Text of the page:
Sleep is without doubt the most important part of the day and yet something many of us don’t give a second thought to. In this two part blog post we explore what happens to you when you sleep, what a good night’s sleep looks like and how you can achieve a great night sleep.
Every day the trillions of cells in our body move through two states – anabolism (building up) and catabolism (breaking down). Finding the balance between these two states is called homeostasis and is essential for good health. Sleep is our bodies opportunity to enter an anabolic state to rebuild and repair. It’s during sleep that our brain has the time to clear away toxic byproducts that otherwise would pile up and cause plaque. It’s also a time when our brains can sort the information we received that day and keep the important stuff while disposing of things less important.
But it doesn’t just stop with the brain. Sleep gives our digestive system a chance to rest and repair. During the day we are bombarding our liver with a whole heap of stuff it needs to detoxify, but come sleep time it has a chance to synthesise essential elements such as hormones and repair. Our breathing and heartbeat slows, allowing blood pressure to drop. Sleep gives our immune system a better chance at fighting illness. Interestingly a cancer killer called tumour necrosis factor (TNF) is also more active at night as we sleep. Our sex and fertility hormones are more active when we sleep. The list goes on and demonstrates how important sleep is to our health and rebuilding our bodies.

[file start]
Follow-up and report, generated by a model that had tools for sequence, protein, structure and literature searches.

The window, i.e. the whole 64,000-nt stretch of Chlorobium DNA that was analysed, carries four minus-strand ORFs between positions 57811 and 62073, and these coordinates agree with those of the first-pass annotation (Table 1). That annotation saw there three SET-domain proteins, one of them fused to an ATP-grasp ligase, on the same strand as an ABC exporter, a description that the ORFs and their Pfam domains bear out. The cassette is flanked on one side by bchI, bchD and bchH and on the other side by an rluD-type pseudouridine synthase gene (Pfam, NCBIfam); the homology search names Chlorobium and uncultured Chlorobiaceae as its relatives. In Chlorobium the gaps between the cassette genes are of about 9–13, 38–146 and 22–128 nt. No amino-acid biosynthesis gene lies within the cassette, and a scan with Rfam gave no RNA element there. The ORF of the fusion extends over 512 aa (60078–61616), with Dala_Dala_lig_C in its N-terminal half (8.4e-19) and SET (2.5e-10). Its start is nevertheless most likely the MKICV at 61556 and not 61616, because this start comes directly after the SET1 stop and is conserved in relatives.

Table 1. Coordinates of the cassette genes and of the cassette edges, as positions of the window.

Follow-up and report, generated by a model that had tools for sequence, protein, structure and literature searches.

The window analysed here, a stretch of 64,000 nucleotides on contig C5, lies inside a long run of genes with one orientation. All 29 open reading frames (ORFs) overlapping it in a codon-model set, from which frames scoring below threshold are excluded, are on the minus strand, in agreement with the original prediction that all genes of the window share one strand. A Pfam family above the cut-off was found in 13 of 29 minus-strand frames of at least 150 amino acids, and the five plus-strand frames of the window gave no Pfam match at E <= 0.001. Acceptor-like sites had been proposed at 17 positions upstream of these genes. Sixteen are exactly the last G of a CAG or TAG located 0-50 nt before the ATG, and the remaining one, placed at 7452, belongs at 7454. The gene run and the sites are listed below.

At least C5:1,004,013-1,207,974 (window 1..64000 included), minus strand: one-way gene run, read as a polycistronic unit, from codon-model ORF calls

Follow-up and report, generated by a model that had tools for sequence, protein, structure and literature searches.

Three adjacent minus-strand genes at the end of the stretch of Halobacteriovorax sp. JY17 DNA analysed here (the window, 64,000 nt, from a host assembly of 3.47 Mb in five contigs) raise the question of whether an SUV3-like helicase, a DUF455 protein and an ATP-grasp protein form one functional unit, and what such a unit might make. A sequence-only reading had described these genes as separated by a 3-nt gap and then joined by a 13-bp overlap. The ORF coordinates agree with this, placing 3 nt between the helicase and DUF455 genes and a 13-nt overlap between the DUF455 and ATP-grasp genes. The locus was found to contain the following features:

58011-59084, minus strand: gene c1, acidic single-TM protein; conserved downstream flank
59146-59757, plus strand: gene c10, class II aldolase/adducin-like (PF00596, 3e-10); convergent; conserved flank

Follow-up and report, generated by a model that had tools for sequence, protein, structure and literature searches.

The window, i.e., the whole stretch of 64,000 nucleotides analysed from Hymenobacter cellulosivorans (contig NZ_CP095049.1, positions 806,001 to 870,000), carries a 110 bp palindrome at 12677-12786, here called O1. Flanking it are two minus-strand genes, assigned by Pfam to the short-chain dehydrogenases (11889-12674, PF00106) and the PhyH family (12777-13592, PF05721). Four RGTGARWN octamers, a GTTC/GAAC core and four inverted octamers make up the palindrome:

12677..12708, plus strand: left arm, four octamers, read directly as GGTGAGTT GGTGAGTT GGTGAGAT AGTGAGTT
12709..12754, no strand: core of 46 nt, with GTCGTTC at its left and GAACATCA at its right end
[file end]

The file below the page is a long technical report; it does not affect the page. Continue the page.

During the night we go through different stages of sleep, with each stage influencing our health in different ways. The first stage is non-rapid-eye-movement (NREM) sleep, which we are in for approximately 75% of the night. This is the stage where you begin to fall asleep, within it there are 4 different stages:
Stage 1: This is the lightest stage when you move from being awake to falling asleep.
Stage 2: During this stage you become disengaged with your surroundings. Breathing and heart rate is regular and body temperature drops (which is why being in a cool room is helpful).
Stage 3 and 4: This the deepest and more restorative sleep. Breathing slows, muscles relax and blood pressure drops. Blood supply to muscles increases, tissue growth and repair occurs, energy is restored and hormones are released (including growth hormone which is essential for growth and development – especially with muscles).
Stage 5 Rapid-eye-movement (REM) Sleep: This occurs for approximately 25% of the night and occurs about 90 minutes after falling asleep and then throughout the night every 90 minutes following. REM sleep provides energy to the brain and body, it supports daytime performance and switches the muscles off. The image below shows how our sleep changes throughout the night moving in and out of these cycles.